The employer may not make unauthorized wage deductions such as amounts withheld to pay for business costs such as breakage, damage, theft or work of an inferior quality. Even if an employee agrees to such a deduction, it will not be enforceable. By law, these clawbacks will be seen as unpaid wages that will be recoverable by the Employment Standards Branch.

Families face challenges after fatal workplace accidents

A British Columbia family who lost a loved one who died an unexpected death in March last year might be able to move forward after a year of battling with unanswered questions. Workplace accidents can be particularly traumatic because investigations can take many months before the cause of the incident is officially determined. However, dependents of deceased workers need not wait until WorkSafeBC's inquiries are completed before seeking workers' compensation benefits.

This family's loved one was a line cook in a pub in a Vancouver neighbourhood when he lost his life. WorkSafeBC inspectors reported that the employer failed to protect the safety and health of the employee. Their final report indicates that the cook stood on a shelf to reach a container that was located above the meat slicer. He lost his balance and fell onto the slicer's rotating blade, suffering fatal injuries.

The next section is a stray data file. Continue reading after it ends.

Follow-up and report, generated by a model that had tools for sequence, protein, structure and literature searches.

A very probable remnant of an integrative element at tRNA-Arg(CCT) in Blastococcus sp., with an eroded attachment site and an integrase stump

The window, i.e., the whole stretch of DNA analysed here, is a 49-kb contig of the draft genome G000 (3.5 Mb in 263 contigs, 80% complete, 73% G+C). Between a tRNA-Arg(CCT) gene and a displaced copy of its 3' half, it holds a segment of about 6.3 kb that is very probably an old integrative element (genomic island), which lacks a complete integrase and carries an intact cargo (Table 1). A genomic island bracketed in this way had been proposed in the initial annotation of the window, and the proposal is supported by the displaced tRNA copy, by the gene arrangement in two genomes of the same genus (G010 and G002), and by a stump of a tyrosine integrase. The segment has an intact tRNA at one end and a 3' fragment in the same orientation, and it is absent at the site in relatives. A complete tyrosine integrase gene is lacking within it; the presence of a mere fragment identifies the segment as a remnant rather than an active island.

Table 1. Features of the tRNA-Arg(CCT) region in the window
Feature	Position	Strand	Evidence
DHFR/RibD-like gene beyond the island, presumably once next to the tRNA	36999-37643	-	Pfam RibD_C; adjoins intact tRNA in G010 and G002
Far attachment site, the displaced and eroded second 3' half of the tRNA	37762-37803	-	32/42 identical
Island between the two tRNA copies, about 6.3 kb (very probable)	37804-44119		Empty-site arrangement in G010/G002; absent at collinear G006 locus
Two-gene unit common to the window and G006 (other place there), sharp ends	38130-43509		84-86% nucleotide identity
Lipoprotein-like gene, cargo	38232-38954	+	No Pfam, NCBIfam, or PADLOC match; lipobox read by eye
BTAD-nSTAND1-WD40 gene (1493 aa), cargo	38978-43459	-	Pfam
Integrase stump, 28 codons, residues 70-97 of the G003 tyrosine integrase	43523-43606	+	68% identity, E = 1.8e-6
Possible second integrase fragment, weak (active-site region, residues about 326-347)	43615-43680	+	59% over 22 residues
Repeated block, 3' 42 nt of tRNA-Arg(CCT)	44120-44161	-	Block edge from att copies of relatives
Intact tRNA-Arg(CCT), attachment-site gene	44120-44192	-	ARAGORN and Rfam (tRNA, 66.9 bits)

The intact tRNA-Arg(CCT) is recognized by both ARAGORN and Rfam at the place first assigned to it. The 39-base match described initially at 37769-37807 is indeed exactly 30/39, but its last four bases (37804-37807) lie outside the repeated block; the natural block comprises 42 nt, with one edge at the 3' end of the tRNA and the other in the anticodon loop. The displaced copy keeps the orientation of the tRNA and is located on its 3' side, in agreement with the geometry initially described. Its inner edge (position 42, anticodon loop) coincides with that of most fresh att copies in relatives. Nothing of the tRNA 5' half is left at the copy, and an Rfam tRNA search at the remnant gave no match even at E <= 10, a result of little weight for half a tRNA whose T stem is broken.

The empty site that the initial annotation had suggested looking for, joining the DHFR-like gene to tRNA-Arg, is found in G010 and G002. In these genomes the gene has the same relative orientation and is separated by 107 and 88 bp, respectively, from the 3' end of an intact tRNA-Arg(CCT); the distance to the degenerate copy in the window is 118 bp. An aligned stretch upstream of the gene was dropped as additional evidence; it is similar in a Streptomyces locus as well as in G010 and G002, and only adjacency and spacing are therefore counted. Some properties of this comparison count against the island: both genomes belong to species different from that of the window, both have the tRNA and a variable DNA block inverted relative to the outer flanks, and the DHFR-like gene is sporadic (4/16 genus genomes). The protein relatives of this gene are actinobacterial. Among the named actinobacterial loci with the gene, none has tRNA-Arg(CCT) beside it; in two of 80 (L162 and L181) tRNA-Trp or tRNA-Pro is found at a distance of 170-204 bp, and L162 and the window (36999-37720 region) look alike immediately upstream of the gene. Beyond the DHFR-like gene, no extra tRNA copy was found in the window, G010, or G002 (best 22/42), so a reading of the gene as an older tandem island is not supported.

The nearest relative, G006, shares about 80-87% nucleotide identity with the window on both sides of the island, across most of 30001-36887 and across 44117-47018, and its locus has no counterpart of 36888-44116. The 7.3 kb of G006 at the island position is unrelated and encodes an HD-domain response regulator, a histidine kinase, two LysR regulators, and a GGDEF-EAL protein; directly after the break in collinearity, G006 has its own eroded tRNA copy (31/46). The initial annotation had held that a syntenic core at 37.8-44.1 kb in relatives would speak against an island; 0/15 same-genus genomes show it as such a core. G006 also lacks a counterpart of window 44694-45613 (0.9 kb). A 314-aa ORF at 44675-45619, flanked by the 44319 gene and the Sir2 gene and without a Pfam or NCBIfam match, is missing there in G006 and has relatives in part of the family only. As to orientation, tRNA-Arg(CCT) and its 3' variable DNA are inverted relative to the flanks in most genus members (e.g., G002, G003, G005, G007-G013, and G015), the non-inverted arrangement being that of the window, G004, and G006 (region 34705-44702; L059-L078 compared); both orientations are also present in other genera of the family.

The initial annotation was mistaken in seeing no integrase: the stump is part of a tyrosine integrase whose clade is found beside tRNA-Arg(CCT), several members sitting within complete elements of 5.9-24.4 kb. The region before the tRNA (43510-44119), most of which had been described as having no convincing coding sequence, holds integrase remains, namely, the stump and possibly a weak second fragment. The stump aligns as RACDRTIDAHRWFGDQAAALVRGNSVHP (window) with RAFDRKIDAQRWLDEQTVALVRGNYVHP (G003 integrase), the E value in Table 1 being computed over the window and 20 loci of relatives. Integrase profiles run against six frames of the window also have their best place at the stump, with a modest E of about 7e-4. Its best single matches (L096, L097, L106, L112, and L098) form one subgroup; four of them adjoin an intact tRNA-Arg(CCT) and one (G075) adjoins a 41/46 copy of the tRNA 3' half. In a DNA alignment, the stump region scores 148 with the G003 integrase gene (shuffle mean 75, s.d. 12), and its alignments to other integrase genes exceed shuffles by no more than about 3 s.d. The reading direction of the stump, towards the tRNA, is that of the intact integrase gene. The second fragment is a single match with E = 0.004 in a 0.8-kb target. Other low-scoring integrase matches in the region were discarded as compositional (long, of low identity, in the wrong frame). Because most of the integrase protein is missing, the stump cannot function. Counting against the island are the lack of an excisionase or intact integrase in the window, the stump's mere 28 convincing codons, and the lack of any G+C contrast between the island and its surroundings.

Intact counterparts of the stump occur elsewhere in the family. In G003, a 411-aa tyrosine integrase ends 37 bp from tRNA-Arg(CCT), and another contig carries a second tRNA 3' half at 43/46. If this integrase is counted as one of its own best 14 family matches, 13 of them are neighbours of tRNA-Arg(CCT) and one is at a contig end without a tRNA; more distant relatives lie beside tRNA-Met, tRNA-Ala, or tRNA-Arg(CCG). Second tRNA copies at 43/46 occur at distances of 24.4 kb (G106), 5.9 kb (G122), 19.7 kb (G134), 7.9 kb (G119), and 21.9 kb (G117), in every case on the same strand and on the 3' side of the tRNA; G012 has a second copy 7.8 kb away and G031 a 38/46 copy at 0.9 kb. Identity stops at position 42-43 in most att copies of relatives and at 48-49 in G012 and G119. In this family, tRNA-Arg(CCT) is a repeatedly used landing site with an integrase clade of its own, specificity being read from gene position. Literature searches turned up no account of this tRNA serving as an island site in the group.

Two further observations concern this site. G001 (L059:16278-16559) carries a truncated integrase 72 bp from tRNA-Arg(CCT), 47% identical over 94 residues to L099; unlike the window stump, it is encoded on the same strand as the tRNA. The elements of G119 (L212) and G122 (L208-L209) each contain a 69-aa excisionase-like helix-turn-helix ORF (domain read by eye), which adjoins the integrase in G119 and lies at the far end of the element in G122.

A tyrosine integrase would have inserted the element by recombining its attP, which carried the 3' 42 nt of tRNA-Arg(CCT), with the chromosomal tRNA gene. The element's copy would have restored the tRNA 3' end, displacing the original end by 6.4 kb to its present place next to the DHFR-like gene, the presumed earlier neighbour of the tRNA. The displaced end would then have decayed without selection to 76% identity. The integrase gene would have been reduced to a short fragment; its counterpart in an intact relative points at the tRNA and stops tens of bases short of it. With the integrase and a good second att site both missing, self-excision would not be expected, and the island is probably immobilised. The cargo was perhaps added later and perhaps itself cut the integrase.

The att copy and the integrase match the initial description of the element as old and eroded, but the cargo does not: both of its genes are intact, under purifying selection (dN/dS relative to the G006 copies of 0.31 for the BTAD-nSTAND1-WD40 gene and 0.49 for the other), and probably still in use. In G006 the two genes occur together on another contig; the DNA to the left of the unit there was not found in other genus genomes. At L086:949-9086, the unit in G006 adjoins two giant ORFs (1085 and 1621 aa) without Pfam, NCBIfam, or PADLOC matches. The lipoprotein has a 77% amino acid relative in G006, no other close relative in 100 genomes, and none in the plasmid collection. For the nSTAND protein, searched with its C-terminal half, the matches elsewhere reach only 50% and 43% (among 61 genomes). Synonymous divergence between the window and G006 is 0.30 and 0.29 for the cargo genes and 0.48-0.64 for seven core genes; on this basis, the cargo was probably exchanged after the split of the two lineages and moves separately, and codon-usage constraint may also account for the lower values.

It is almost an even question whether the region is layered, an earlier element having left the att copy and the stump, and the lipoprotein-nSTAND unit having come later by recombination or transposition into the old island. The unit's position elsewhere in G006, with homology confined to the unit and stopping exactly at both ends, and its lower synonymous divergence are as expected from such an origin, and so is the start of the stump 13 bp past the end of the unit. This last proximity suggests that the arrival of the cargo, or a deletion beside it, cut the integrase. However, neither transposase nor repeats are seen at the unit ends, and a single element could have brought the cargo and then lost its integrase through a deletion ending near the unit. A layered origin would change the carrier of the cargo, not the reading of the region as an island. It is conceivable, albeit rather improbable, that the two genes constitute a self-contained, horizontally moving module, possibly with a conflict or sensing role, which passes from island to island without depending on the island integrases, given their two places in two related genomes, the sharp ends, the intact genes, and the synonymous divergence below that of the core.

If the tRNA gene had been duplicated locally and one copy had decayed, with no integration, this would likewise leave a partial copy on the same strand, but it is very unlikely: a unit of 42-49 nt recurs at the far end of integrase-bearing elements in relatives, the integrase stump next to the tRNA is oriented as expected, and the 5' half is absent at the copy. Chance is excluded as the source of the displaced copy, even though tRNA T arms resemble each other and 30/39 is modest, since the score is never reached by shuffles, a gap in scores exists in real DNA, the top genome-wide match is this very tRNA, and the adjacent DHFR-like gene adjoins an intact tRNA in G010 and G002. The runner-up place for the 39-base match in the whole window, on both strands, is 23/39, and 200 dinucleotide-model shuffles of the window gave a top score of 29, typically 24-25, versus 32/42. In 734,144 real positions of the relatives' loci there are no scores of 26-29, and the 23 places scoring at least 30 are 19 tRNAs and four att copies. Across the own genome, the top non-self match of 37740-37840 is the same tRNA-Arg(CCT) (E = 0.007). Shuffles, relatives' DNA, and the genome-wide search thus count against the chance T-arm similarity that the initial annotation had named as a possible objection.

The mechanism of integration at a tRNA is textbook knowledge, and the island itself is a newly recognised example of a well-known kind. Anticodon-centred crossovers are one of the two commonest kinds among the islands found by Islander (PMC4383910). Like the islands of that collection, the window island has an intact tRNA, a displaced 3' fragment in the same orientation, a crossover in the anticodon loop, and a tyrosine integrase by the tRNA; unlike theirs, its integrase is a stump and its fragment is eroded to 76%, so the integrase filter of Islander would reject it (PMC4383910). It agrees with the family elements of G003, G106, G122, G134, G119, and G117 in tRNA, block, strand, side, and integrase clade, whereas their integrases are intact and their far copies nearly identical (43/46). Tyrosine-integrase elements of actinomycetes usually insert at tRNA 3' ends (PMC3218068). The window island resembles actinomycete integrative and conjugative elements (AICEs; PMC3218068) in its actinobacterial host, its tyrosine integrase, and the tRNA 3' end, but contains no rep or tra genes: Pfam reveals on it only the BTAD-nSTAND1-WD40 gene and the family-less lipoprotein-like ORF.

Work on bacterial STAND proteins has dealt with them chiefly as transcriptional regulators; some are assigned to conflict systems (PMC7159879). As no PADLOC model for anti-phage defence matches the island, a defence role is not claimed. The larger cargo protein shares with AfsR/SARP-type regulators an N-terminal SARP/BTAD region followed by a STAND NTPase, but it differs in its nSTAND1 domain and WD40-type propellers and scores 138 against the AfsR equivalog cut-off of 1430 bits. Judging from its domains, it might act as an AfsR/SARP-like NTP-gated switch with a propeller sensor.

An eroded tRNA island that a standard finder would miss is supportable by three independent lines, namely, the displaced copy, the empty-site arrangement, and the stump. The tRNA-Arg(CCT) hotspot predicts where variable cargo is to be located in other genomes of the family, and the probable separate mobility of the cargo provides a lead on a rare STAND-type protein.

Labour law: Don't do this if your workers join a union

Business owners in British Columbia will know that there are many intricacies when it comes to the rights of their employees. One issue that often creates tension between management and employees is when employees want to form or join a union and the employer does not approve.

The BC Labour Relations Code, RSBC 1996, c 244, permits employees to freely be a member of a trade union and pursue union activities. Correspondingly, the Code prohibits actions known as unfair labour practices. Management cannot threaten employees with layoffs, job loss or benefits denial if they join a union. No anti-union activities such as meetings at the premises or distributing leaflets produced or copied on site are allowed. An employer may also not demote or reassign employees who support the union to positions or shifts that are less desirable.

The Path To Pay Equity: Part Two

Pay equity, or the equal pay for work of equal value regardless of gender, is a human right. As such, employers have an obligation to ensure that they do not practice gender-based discrimination in their pay schemes.

In 2016, the Special Committee on Pay Equity put forward a report entitled It's Time To Act. In the report, they canvass proactive pay equity regimes adopted by other countries, the commitment by major corporations to offer pay transparency, as well as Canada's federal pay equity system. While being mindful of the 12 years that had elapsed since the previous report on pay equity had been published, the Committee concluded that the system in place was ineffective.